How Are Special Olympics NY Athletes Selected for World Games?
There’s no bigger stage than Special Olympics World Games.
It’s a level of competition achieved only through hard work, dedicated training, progressive competition, and good fortune. But you might wonder how we select athletes for this honor. After all, there are over 68,000 athletes and Unified partners across New York, but only a handful of World Games spots. So how do we make our final decisions?
Special Olympics has developed a set of rules that govern advancement and the selection process. Our General Rules for athlete advancement are grounded in this fundamental principle: Athletes of all ability levels have an equal opportunity to advance to the next higher level of competition. Each program is bound to fulfill these principles.
Advancement begins with allocations, which are essentially the number of World Games spots available to New York athletes or teams. In addition to quantity, allocations are further defined by gender and competitive ability.
Next, we must select athletes in accordance with formalized Criteria for Advancement as defined by the Special Olympics General Rules, Article 3, section 3.06(e). This boils down to a few key factors:
Eligibility – To be considered eligible, athletes must have participated at the previous level of competition prior to advancing to the next higher level. Athletes or teams may not be barred from advancement or omitted from the draw based on prior competition or advancement experience.
Non-Athletic Considerations – We also evaluate allocations based on medical, behavioral, and judicial consideration. We want to ensure our athletes will benefit from their experience. If, for example, an athlete requires more travel support than we can reasonably provide, we would be less likely to send that athlete to World Games.
Performance – Priority is given to all first-place finishers from all divisions of the specific sport/event in consideration. We are required to do the same with second, then third-place finishers and so on until we have filled our allocations. If the number of eligible athletes and or teams exceeds the quota, athletes and teams are selected by random draw.
Your next question might be this: “If only medal winners are eligible, how can each athlete get an equitable chance to advance to the next level of competition?”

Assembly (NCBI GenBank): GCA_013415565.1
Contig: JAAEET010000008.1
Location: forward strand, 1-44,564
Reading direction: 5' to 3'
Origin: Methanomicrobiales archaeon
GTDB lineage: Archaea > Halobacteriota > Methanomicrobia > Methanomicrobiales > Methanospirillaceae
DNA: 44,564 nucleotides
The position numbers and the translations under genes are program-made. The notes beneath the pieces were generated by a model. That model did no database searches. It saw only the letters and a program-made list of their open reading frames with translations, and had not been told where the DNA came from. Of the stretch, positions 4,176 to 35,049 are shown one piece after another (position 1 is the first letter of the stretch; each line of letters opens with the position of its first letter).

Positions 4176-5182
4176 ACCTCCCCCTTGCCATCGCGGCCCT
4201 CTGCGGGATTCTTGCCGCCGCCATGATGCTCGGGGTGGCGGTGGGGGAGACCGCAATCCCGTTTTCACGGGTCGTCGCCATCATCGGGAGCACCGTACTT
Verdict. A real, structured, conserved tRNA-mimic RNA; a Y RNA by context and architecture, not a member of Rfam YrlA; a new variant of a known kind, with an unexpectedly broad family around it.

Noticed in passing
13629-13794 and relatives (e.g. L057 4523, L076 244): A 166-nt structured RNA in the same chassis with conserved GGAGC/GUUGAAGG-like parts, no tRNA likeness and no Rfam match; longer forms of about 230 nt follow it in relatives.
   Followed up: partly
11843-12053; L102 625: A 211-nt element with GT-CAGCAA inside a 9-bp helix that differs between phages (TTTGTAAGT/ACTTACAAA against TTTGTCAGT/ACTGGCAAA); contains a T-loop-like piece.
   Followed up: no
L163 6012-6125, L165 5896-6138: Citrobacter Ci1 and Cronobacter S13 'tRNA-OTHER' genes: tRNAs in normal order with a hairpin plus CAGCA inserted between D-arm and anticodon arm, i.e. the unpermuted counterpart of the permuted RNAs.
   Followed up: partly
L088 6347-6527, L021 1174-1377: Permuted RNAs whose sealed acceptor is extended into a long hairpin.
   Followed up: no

The answer to this question is at the heart of our organization’s credibility. Special Olympics Divisioning Rules ensure equitable competition for all athletes at all skill levels. At every competition, athletes are separated into heats of three to eight competitors, having been divided by gender, age, and ability (with ability being the most important consideration). All athletes are evaluated through qualifying scores and/or preliminary rounds, and are paired in a division of equally skilled and capable opponents. Therefore all award-winning athletes from all divisions have an equal chance of selection for advancement.
Our divisioning process is one-of-a-kind, designing by Special Olympics to create an even playing field for all athletes of all abilities. For an in-depth look at this process, see the video below:
An Example in Action
Imagine Special Olympics New York was granted a quota of one powerlifting athlete to join Team USA for the upcoming World Games. First we need to determine our eligible athletes. These eligible athletes will have competed in the previous State Summer Games for powerlifting and have placed first in their divisions. This imaginary pool may contain 25 powerlifters of varying skill and strength depending upon their divisions. The selection from this pool is randomly drawn with oversight from the Games Organizing Committee. The selected athlete is evaluated by a team of coaches, family, and committee members. Upon confirmation, our lucky and deserving athlete is recognized and advances to World Games.
The opportunity to travel to a far reaching land, immersion in an unfamiliar culture and bonding with people regardless of language or belief in the pursuit of sport in its purest form exemplifies the core principles of our Special Olympics movement. These experiences stretch far beyond the athletes who have had the privilege of World Games selection. Each of us involved in the movement is touched by this exchange.
Please read and learn more about Special Olympics. Additional educational material and the General Rules can be found at www.specialolympics.org.